$181,000 in Overtime Back Wages to be Paid to Pizzeria Employees

Thursday, May 5, 2011

The U.S. Department of Labor has obtained court judgments that require three commonly managed Long Island pizzerias, each doing business as Gino’s Pizza Pasta Restaurant, to pay 61 employees a total of $181,544 in overtime back wages. The court orders also require the defendants to pay $22,002 in civil money penalties to the government for willfully violating the federal Fair Labor Standards Act.

“This case is typical of the violations found in the restaurant industry affecting the most vulnerable workers, many of whom are not native English speakers and may not be aware of their rights under federal law,” said Irv Miljoner, director of the Long Island District Office of the Labor Department’s Wage and Hour Division, located in Westbury. “Our goals are to aggressively enforce the FLSA to achieve fair treatment for all employees and create a level playing field for companies that obey the law, while providing a disincentive for those that choose to violate the law.”

Following investigations conducted by the Wage and Hour Division, the department filed suit in the U.S. District Court for the Eastern District of New York against Delite Restaurant & Pizzeria of Bellmore Inc., 2837 Jerusalem Ave., Bellmore; Massapequa Park Pizza Inc., 5159 Merrick Road, Massapequa; and The Best Pizzeria Restaurant Inc., 3968 Hempstead Turnpike, Bethpage. Also named as defendants are Emilio Branchinelli, president of all three companies; Anthony Greco, vice president of the companies; and Mohamed Soliman, secretary of The Best Pizzeria Restaurant Inc.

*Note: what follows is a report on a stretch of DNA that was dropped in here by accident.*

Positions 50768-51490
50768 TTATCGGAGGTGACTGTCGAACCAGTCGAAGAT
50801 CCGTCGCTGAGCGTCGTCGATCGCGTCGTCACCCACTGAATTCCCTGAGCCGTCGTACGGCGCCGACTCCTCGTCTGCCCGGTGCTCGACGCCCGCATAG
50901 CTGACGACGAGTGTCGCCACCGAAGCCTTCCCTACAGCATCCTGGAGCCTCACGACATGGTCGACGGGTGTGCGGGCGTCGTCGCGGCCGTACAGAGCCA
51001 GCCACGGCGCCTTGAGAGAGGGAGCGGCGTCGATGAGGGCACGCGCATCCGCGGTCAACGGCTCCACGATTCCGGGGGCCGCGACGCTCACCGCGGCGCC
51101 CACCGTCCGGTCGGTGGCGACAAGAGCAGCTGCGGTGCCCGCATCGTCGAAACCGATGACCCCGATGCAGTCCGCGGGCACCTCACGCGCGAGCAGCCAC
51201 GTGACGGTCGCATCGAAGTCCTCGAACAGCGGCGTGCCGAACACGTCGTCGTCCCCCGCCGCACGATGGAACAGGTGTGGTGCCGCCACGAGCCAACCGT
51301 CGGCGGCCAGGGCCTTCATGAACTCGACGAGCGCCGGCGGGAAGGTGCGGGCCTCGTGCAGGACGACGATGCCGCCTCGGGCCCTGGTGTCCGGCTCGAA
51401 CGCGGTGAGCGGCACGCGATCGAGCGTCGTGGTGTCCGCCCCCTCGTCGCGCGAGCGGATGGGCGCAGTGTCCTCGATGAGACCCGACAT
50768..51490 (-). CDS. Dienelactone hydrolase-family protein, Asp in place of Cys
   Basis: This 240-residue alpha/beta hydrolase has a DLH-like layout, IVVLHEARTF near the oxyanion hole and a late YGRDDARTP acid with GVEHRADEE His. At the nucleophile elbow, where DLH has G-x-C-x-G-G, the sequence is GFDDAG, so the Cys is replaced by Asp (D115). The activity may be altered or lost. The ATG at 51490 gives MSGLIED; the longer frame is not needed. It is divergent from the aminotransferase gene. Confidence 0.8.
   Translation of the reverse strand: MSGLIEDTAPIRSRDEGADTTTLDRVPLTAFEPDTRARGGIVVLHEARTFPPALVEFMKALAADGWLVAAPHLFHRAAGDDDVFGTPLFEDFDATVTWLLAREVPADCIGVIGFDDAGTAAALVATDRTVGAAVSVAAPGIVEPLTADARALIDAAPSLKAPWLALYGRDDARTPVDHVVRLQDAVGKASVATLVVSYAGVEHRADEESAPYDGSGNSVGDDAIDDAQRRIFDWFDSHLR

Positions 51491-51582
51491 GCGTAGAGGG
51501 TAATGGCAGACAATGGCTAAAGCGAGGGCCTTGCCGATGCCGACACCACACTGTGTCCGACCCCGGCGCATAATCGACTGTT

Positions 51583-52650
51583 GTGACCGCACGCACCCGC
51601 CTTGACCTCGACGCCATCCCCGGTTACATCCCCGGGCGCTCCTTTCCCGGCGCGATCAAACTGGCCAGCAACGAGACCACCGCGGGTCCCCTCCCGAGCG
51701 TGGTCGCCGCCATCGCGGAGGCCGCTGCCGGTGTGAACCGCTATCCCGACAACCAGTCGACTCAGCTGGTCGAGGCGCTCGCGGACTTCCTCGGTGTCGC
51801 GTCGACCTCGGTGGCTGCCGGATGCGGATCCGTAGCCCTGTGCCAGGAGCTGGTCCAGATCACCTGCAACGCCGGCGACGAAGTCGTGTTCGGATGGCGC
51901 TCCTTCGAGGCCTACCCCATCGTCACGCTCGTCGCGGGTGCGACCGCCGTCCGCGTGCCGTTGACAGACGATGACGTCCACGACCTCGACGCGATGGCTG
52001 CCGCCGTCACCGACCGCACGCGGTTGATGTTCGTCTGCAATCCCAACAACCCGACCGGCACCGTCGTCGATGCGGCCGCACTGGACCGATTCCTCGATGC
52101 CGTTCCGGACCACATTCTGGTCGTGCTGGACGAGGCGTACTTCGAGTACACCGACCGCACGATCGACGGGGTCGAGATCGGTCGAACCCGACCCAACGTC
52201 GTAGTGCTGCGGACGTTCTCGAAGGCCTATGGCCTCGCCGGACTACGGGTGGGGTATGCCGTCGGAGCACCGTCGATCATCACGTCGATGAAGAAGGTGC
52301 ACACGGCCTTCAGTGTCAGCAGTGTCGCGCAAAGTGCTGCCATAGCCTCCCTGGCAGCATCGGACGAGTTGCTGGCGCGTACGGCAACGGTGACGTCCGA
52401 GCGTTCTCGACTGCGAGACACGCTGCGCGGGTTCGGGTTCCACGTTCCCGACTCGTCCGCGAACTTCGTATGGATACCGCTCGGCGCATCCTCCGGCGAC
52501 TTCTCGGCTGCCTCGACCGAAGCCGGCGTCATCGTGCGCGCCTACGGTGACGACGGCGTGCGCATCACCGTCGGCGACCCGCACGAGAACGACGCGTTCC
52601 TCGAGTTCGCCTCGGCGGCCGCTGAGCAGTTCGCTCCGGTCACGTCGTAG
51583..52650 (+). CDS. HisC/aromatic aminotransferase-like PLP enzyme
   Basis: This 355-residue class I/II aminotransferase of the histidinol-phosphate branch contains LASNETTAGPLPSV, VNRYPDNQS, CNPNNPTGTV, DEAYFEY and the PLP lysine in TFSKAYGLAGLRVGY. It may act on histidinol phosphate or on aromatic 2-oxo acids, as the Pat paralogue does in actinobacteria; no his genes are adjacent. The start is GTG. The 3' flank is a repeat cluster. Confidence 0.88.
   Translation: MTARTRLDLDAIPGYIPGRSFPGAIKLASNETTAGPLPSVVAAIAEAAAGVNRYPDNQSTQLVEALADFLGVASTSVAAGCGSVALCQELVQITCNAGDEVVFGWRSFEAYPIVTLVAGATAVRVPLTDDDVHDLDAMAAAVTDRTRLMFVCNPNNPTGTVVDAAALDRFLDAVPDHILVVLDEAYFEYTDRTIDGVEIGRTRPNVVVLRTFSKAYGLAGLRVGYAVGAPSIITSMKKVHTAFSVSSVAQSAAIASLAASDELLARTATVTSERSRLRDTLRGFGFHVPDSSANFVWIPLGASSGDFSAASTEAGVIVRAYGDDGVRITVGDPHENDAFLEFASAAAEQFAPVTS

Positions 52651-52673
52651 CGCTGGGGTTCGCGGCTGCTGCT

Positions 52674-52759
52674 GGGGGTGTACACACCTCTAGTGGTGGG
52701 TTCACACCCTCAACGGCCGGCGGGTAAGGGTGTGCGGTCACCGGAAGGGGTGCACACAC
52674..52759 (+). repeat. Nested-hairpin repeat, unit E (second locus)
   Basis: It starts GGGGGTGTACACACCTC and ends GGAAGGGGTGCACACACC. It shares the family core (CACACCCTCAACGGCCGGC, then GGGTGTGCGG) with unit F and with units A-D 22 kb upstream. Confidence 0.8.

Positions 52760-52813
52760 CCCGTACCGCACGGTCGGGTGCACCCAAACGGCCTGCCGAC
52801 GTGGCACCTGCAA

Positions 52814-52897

The investigations disclosed that the defendants had violated the FLSA by paying some low-wage workers “straight time” wages for all hours worked, rather than time and one-half their regular rates of pay for hours exceeding 40 per week, as required. In addition, the employers had devised a system of falsifying timecards in order to claim workers were being paid accurate wages, in violation of the FLSA’s record-keeping provisions. Investigators discovered that employees never received the overtime compensation listed on the falsified timecards; on the contrary, workers were paid in cash and “off the books” for hours worked over 40 per week.

In addition to the overtime requirement, the FLSA requires that covered employees be paid at least the federal minimum wage of $7.25 per hour. Employers who violate these provisions are liable to their workers for the full amount of unpaid wages and an equal amount in liquidated damages. The law also requires employers to maintain accurate records of employees’ wages, hours and other conditions of employment, and prohibits employers from retaliating against employees who exercise their rights under the law.

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